At Camarones, the guard asked us a little info, then waved us through the gate. We arrived late in the day and were the only ones around- that is- the only humans around! Camarones hosts a colony of some 25,000 nests- a pair and their 1 or 2 babies. Before we had climbed out of the van, the raucous sounds of these foot tall honkers was carried to us. We watched them amble around, waddling side-to-side, strange flightless birds in a dusty hillside. But to see them in the ocean, returning from the days hunt, is an unforgettable sight. Entering the bay in groups of 10-15, they first circle near their exit locale, then swim back 30 or so feet. Then swimming super fast underwater, the water churning on top hinting at the motion going on below, they all catapult themselves out of the water. For a moment they are flying! Flapping their surfboard fin sized wings in the air, they land first one then two, then six, ten, all fifteen onto the rocky shore with a running start. It is hilarious and magical! I witnessed a sad moment as a hawk flew down to a nest- both parents protested as it neared, but in an instant it stole their grey fuzzy chick in its sharp yellow talons. That is the cycle of life, to see it whole, all the components, not just the sweet, but also the sour. After several hours watching with glee the penguins that could have cared less about us, we posted up at Cabo Dos Bahias, just outside the park for a wild camp on the bay.“When I was sleeping, the moon threw a heart on me & I exploded with love! That’s how I get filled back up with hugs & kisses.”- Coco 2 weeks shy of 4 years old. Whenever possible, Emily stocks up on sundries for out tiny pantry. Dinner can range from elaborate to basic, depending on our location, ingredients available and how fast the hungry hoards have to be fed before they turn into goblins (Emily being the most prone to become hangry).This picture was taken on Sierra’s 6 month birthday. WOW! One moment she still looks so tiny, the next she is coated in several layers of fleece & sitting up all on her own. You have forever changed our lives little lovekin, thanks for joining the party. The van was actin’ a bit funny, so Adam took off the gas pump and shook out a fair amount of junk. Our time on the Atlantic had come to an end (for now) so we shoved off on the long drive across Patagonia towards the mighty Andes. Adam stopped to inspect the van, sensing a loss of power and noticed a pinhole in the oil pan. How does metal even spring a leak? Oh, to be in the middle of Patagonia with car troubles. Luckily, there was a small town Florenrtino Ameghino near the base of a huge dam, where a cozy campground happened to have a welder we could borrow. Thanks for that universe. We posted up in the late afternoon, Adam drained the oil and welded the small hole shut, us girls explored the orchards of cherries, apricots and plums.With jars of fresh apricot and cardamom jam cooling on the picnic table, Colette emulates Mama, nursing her own babydoll. Above the thick concrete walls of the damn, an eerily green lake glowed in the whiteout sky. We have been learning about the damaging effects of huge dams and support the movement of ‘free rivers.’ With small scale wind and water available for local energy, why must we transmit power over huge distances? Rock-paper-scissors is the new favorite game on the road. Along the Rio Chubut, the river flows free, creating islands and changing course as it sees fit. We were struck by how much this sector looks like the American southwest.Santa found his way to the town of Esquel, where he delivered Colette her Christmas wish- a fishing pole. “Coco, are you going to eat the fish if you catch them?” “No, I will catch the fish, then give them to daddy for him to eat.” As far as sous-chef’s go, Colette is at the top of her game. She is always eager to participate, slices with the finest precision & provides a pleasant mood for the high stress kitchen. I mean, look at the concentration on her face! Pro. British journalists turned overlanders, Paula & Jeremy Dear of Seventeen by Six were camped a few sites over, and we shared Christmas dinner together, starting the fire early as we were both tapped out of propane. It is quite a hassle to find the correct adaptor here on the road. Chile has easy filling stations, so if you are heading down for a trip of your own, be sure to always fill up there because Brazil, Uruguay and Argentina are not so simple. We may have had a few more hot buttered rums for dessert than we should have. That was sandwiched into the flowing bounty of delicious and cheap Argentine wine- malbec in the cup and wine poached pears with cream on the plate. The Bumbleride Flite stroller also doubles as a portable baby seat.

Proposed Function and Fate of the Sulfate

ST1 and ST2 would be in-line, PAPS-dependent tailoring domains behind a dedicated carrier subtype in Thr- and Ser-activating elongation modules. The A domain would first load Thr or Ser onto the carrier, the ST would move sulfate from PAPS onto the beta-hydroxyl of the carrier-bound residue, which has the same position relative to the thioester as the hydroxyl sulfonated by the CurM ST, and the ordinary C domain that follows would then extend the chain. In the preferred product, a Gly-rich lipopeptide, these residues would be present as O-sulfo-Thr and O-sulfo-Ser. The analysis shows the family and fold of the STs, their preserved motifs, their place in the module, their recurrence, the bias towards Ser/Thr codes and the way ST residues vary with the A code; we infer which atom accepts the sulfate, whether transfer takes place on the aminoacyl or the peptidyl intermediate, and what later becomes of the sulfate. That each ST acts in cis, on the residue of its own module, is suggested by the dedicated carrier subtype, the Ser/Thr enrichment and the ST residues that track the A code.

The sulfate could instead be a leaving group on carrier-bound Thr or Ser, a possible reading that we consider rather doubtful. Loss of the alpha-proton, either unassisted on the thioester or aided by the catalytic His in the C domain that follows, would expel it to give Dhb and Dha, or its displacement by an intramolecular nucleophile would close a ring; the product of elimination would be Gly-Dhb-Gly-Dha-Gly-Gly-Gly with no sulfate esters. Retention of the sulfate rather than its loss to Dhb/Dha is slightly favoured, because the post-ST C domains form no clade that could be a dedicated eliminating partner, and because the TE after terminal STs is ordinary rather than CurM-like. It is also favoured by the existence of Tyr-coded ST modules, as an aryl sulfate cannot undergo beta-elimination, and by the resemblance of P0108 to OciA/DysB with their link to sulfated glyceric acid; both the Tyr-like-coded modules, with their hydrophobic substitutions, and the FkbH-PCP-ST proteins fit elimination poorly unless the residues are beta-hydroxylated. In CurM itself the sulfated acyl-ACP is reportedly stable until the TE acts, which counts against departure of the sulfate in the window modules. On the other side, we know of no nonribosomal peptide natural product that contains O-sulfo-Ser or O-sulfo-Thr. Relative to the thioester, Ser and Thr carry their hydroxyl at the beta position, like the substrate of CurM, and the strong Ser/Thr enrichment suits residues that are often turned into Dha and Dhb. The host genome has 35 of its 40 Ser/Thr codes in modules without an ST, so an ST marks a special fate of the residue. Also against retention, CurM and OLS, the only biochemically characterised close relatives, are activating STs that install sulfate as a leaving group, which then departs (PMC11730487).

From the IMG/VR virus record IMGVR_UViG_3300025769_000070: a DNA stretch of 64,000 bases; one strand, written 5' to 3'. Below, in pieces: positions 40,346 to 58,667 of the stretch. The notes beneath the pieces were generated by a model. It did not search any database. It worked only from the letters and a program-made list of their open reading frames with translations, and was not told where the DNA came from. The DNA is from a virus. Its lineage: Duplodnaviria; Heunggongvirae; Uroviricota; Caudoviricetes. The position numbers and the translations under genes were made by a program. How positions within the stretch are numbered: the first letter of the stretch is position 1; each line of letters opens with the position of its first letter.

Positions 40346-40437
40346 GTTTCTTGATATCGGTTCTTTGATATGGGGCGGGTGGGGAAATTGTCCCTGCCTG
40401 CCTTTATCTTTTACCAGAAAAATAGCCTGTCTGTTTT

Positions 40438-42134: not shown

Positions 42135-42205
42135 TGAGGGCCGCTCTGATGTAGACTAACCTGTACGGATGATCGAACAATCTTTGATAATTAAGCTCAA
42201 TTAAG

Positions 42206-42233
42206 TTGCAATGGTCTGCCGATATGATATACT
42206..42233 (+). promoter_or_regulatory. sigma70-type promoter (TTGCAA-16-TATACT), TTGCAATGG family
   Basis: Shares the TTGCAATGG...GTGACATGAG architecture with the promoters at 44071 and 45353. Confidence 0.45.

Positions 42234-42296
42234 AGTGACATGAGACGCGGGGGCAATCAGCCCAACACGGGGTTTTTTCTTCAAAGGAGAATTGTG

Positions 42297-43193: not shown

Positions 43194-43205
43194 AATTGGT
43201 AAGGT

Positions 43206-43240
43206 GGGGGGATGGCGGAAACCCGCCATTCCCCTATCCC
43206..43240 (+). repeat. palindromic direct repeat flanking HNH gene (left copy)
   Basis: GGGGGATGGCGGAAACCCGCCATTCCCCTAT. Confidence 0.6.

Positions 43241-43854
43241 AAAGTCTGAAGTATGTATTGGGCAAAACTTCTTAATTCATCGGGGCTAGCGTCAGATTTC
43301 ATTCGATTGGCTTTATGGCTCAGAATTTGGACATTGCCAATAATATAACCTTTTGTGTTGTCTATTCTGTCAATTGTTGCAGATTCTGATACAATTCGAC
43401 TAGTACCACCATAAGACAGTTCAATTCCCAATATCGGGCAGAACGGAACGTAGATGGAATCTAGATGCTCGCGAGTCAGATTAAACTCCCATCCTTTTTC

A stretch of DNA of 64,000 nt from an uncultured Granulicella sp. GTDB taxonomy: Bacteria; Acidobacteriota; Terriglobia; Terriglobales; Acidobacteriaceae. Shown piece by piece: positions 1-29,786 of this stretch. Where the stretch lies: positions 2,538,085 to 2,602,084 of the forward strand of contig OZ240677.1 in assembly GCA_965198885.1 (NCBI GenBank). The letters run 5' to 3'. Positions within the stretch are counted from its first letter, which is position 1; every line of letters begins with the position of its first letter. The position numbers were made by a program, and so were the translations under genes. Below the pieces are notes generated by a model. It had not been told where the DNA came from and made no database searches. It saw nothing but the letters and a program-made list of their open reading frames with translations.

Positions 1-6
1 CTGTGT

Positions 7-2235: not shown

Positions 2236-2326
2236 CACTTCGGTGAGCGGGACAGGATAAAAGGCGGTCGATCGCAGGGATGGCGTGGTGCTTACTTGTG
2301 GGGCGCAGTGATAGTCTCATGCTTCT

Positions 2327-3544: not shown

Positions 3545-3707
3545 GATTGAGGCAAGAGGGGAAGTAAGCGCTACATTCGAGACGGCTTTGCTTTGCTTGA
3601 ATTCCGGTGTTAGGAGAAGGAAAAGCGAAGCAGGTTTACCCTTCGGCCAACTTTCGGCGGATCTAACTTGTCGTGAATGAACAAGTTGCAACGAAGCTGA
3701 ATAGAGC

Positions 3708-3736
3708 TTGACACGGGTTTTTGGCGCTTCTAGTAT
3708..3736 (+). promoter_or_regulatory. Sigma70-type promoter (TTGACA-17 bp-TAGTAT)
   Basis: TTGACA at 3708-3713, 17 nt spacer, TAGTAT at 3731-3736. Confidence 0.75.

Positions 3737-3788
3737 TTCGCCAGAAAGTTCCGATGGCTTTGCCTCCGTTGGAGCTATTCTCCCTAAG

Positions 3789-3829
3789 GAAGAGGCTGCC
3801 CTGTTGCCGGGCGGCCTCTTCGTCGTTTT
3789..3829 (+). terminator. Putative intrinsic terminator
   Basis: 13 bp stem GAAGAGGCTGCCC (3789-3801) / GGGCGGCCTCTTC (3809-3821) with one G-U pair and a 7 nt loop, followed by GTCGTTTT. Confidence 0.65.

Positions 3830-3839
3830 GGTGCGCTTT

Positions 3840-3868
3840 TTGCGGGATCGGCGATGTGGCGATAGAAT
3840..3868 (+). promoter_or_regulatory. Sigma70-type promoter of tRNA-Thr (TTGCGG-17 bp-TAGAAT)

Research, route planning & documenting our travels thus far are always a fun session. Adam drew a few smiley faces into the grapes pictured here, and Colette is always delighted to discover them hiding among the others. “Daddy, are we going to the smiling grapes today?” Not only does Argentina have great, cheap wine, they also have bakeries unlike any other place. Medialunas, croissants, are served either sweet or salty- the mainstay to accompany any decent coffee. Rows of facturas, pastries, are filled with sweet pastry cream, membrillo, and dulce de leche or topped with chocolate sprinkles, sugary glaze or chopped walnuts. It is a white flour & sugar feast, but damn worth it on occasion. In Esquel, we confirmed at a mechanic that there was indeed low compression in cylinder #2 of our motor. So that means we have to pull the motor out for the 4th time on our journey. Crap. Argentina also does not have Subaru’s, so we will have to cross into Chile to attend to the issue. Double crap. Bummed at the prognosis, we ventured to Los Alerces National Park so find some solace. Nature, unspoilt, is the best medicine for the soul, it forgives so much and reminds you of how small you are in the circle of it all. The National Park was free to enter even for foreigners and contrary to what a guidebook said, and mixed among the privately owned camps, were a few free sites. We settled into one on the shores of the lake for a dynamite view & some afternoon snuggles. After 28 months on the road, the awning remains one of our favorite pre-departure additions. It creates a relaxing outside space in rain or shine. Adam would spend summers in his youth chopping wood for their cast iron stove, preparing for cold winters in Juniper Hills, at the snowline of the Angeles National Forest in Southern California. Wetsuit- check, surfboard- check, fishing pole- what? Hey, Adam loves to get in a paddle even if there aren’t waves, so why not try & catch a fish? We take turns being the leader as we hike. Colette took a spill on the rocks and was very upset about it. “But Mama, why did take me this way. I don’t like to fall! My hands will never stop hurting.” But soon enough, she is tranquil and smiling, throwing rocks and picking flowers again. When Adam defrosted, he took the girls out for a walk, allowing Emily some moments of solitary time, which was spent doing yoga on the beach, then reading a book. Aah! We can all be better selves when we have some time to recharge our batteries. They returned with a bouquet of flowers, which made an already perfect afternoon that much sweeter. Putting her Christmas present to use, Colette cast out onto Lago Futalaufquen. She didn’t catch any, but there was that big one that got away… Fire crackling and gusts of cool breeze may just be the perfect recipe for bliss. Adam enjoying the ancient art of stoking & poking.As we were about to cross into Chile to attend to our low compression in cylinder 2, we had to use all fruits & vegetables, dairy & honey before crossing the border. Chile is the most stringent of any border so we made dinner over the fire with what we had lurking in the fridge, freezer and in the hanging baskets.